It’s already August and I haven’t done one of my reports this year, which is a shame. I did three last year if you want to view the archives. The point of each of these reports is to show you trends, insights and a lot of resources which will keep you in tune and up-to-date with the latest happenings in the personal branding world known as you inc. There have been a lot of developments this year, so if you haven’t been following along, you must read this post.
The economic collapse and no promise of recovery
The unemployment rate is currently 9.4% and some economists believe that it will near 10% soon enough, with no future indicators of recovery. The Department of Labor announced there were 576,000 jobless claims last week, which was higher than expected. With all of these layoffs, there are fewer jobs, which means there are obviously more people competing against each other. The aftermath is a fight for scarce positions and a need to stand out amongst everyone else.
This of course is a major driver for personal branding and what I’ve found is that smart job seekers invest a lot of time in building their brand so they can differentiate themselves from others. Another trend is the mentality that “you have nothing to lose” when you’re a job seeker right now, so why not “start a company.” In fact, 8.7% of job seekers started their own business in the second quarter of this year, compared with 4.3% a year earlier. Will the companies take off? Most won’t, BUT starting a company looks really good on a resume! Even if you’re employed right now, it’s still highly possible that you may get laid off anytime now, so be smart and start working on your brand and your network, for career protection.
Recruitment background checks, privacy issues and fired employees
Last year, in a previous Schawbel Report, I identified a survey by Careerbuilder that noted that 22% of companies were using social networks as background checks, which has escalated to 45%! 11% of companies will be using social networking sites for job screening and I predict these numbers will jump to 100% in the next three to five years because it’s a logical evolution from just drug tests and reference calls. Some of that information can be pulled online anyways! To no surprise, they are primarily using Facebook for background checks because, let’s face it, Facebook can do more harm than good. It would be rare to find someone posting negative remarks on LinkedIn, for example.
35% of employers have passed over a candidate based of what was found on a social networking site. 53% of candidates posted provocative or inappropriate photographs or information and 44% posted about drinking or drugs. 14% of employers have disregarded a candidate because the candidate sent a message using an emoticon 😉 🙂 . Although this makes social networks appear bad, there is a brighter side. 18% of employers reported they have found content on social networking sites that caused them to hire the candidate.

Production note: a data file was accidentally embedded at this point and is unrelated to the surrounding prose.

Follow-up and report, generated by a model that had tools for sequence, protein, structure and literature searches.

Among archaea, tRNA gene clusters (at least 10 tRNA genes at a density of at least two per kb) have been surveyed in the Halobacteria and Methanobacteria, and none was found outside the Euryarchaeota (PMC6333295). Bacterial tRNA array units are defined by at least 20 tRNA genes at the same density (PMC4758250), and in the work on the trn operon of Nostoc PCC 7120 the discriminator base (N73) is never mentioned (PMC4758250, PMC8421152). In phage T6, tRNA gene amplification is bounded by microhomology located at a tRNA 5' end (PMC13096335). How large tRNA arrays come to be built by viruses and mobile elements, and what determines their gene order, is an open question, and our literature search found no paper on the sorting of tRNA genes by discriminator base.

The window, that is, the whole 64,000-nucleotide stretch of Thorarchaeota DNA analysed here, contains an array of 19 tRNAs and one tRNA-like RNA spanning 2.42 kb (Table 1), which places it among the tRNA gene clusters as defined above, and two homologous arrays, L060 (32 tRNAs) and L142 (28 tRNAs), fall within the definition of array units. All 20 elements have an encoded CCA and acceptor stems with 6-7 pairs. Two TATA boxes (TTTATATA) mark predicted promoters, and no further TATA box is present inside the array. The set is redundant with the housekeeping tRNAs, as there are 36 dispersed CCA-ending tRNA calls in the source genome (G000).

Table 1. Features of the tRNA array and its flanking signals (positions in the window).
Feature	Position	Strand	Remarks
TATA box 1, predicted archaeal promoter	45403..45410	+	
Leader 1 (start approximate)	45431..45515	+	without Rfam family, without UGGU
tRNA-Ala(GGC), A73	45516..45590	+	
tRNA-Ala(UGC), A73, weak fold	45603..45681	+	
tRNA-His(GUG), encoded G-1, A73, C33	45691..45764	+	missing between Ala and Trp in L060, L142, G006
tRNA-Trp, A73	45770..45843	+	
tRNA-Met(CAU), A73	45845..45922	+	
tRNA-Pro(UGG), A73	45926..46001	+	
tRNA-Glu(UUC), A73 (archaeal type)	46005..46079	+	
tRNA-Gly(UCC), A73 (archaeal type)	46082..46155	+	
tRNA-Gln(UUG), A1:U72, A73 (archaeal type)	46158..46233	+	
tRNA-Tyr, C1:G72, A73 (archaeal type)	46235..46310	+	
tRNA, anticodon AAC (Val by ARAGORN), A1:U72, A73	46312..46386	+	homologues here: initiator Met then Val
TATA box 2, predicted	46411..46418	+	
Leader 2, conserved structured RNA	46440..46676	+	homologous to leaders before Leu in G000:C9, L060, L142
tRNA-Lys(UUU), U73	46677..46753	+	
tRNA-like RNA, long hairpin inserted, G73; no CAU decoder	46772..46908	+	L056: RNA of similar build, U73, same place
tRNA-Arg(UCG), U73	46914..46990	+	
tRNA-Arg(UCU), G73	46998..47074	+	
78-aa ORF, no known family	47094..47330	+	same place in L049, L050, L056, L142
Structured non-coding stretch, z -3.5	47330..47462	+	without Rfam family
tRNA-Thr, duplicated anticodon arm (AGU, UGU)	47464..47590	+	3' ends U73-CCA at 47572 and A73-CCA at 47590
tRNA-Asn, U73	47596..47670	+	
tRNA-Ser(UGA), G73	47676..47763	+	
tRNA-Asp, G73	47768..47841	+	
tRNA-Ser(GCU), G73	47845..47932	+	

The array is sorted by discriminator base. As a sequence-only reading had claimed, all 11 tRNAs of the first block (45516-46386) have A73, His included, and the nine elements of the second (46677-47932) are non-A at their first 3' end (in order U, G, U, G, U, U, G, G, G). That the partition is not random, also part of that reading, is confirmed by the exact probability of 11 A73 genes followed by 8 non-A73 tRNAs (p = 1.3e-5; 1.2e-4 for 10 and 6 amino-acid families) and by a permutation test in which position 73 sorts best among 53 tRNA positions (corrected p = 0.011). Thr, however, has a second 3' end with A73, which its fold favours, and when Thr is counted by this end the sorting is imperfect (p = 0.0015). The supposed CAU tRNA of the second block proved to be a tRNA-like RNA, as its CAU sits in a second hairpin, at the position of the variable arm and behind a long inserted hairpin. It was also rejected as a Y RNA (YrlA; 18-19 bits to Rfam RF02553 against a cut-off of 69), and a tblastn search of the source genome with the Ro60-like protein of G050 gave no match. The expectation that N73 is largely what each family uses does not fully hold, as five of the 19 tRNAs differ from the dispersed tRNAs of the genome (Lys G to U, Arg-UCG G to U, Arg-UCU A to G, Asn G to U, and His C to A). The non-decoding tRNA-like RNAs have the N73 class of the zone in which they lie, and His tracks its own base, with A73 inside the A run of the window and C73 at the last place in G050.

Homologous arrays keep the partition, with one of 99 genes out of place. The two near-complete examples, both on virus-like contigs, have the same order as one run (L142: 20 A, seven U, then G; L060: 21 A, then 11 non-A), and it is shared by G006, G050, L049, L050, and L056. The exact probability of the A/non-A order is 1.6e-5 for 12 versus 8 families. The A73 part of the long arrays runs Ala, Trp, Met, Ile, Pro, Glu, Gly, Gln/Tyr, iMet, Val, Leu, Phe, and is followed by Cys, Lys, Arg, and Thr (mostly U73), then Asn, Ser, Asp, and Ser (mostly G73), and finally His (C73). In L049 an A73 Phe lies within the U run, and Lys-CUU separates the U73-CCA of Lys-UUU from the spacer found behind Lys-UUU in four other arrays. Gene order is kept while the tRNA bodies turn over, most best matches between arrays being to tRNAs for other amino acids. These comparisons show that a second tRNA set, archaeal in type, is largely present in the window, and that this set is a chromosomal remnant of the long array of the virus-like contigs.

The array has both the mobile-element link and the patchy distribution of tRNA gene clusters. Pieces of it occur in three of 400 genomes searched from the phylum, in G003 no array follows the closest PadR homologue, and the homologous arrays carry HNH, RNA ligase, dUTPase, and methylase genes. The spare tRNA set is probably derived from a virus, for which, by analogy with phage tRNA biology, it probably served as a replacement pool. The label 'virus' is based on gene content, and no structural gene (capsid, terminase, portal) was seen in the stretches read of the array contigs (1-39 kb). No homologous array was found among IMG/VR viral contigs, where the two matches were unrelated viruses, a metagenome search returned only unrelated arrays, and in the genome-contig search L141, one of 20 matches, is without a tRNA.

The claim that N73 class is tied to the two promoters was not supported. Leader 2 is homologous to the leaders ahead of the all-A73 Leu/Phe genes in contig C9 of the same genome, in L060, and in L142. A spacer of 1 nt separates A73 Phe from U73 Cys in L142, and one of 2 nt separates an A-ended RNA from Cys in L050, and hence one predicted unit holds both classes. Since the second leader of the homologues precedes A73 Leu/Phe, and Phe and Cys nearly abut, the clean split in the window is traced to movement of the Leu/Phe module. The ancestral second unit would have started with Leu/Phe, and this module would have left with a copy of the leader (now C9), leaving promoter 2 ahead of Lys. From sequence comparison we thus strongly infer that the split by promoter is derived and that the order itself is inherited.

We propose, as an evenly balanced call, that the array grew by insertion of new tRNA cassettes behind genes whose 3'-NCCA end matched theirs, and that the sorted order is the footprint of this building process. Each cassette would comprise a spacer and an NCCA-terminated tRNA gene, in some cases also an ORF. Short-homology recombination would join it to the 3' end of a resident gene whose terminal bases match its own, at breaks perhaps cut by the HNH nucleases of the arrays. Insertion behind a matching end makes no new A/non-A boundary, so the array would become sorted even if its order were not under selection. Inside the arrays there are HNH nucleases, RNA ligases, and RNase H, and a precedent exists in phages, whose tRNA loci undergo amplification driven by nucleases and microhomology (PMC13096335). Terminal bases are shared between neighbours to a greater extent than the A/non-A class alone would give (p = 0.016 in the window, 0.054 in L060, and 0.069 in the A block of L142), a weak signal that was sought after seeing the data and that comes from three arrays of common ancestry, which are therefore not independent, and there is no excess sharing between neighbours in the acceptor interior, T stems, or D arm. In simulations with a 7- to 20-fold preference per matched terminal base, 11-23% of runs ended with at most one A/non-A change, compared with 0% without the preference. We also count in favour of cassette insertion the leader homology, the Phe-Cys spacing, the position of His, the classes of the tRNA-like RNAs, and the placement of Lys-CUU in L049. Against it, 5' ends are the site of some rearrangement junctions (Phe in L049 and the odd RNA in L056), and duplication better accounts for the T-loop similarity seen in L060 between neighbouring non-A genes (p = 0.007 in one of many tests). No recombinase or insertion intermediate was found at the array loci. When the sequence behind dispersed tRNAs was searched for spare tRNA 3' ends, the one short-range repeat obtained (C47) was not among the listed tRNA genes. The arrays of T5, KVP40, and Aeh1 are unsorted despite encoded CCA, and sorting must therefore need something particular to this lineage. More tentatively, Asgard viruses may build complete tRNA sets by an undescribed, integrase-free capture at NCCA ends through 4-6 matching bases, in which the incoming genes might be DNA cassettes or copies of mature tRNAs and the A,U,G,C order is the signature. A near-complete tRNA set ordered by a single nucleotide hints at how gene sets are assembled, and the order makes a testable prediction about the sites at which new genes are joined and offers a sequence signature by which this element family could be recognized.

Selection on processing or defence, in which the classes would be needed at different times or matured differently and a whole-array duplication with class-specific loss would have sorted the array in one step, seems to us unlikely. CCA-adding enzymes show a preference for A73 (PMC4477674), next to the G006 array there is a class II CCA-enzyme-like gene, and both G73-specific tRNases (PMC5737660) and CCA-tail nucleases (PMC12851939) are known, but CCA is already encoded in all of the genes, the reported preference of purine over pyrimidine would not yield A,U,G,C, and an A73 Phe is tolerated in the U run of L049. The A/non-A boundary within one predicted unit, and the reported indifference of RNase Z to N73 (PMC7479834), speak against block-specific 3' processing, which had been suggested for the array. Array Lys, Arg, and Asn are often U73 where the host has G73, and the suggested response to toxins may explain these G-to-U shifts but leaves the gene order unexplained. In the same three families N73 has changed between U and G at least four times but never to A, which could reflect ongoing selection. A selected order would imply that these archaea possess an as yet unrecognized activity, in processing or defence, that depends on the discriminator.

No policies and poor security
80% of social networks fail to use standard encryption protocols to protect sensitive user data from hackers. 71% of social networks reserve the right to share user data with third parties in their privacy policies. Since social networks aren’t secure and many are selling and reusing your data, it becomes easier to have that information appear public and get laid off or sued. Companies are still behind in having social network policies at work, so unless something is done, there will be major problems. More than 1/3 of businesses have no social media policies right now.
17% of companies report having issues with employee’s use of social media and 8% of those companies report having actually dismissed someone for their behavior on sites like Facebook and LinkedIn. That’s double from last year, where just 4% reported having to fire someone over social media misuse.
Companies are banning social networks at work
Why do you think social networks would be banned at work? Productivity reasons? Maybe companies are scared that they may lose their employees to competitors? Legal reasons? I would say all of these three, but, in my opinion, a lot more companies will have policies and/or permit social networks in the future, due to the rise of the Gen-Y worker. I can’t name one Gen-Y’er that would not allow Facebook at work and since this group will be in charge soon enough, it’s obvious where we are heading.
Executives are part of the reason that social networks are being banned from work. In fact, 32% of executives aren’t comfortable being ‘friended’ on social networks by workers and 33% aren’t comfortable at all being ‘friended’ by people they manage. 80% of executives are fearful of social networking risks and in 2007, this number was at 50%.
There are two surveys that have come out about companies blocking social media sites. One by ScanSafe that says 76% block them and the other by the American Management Association, which states that 71% of IT departments block social networks at work.
The size of your network is now a job qualification
You must have Twitter followers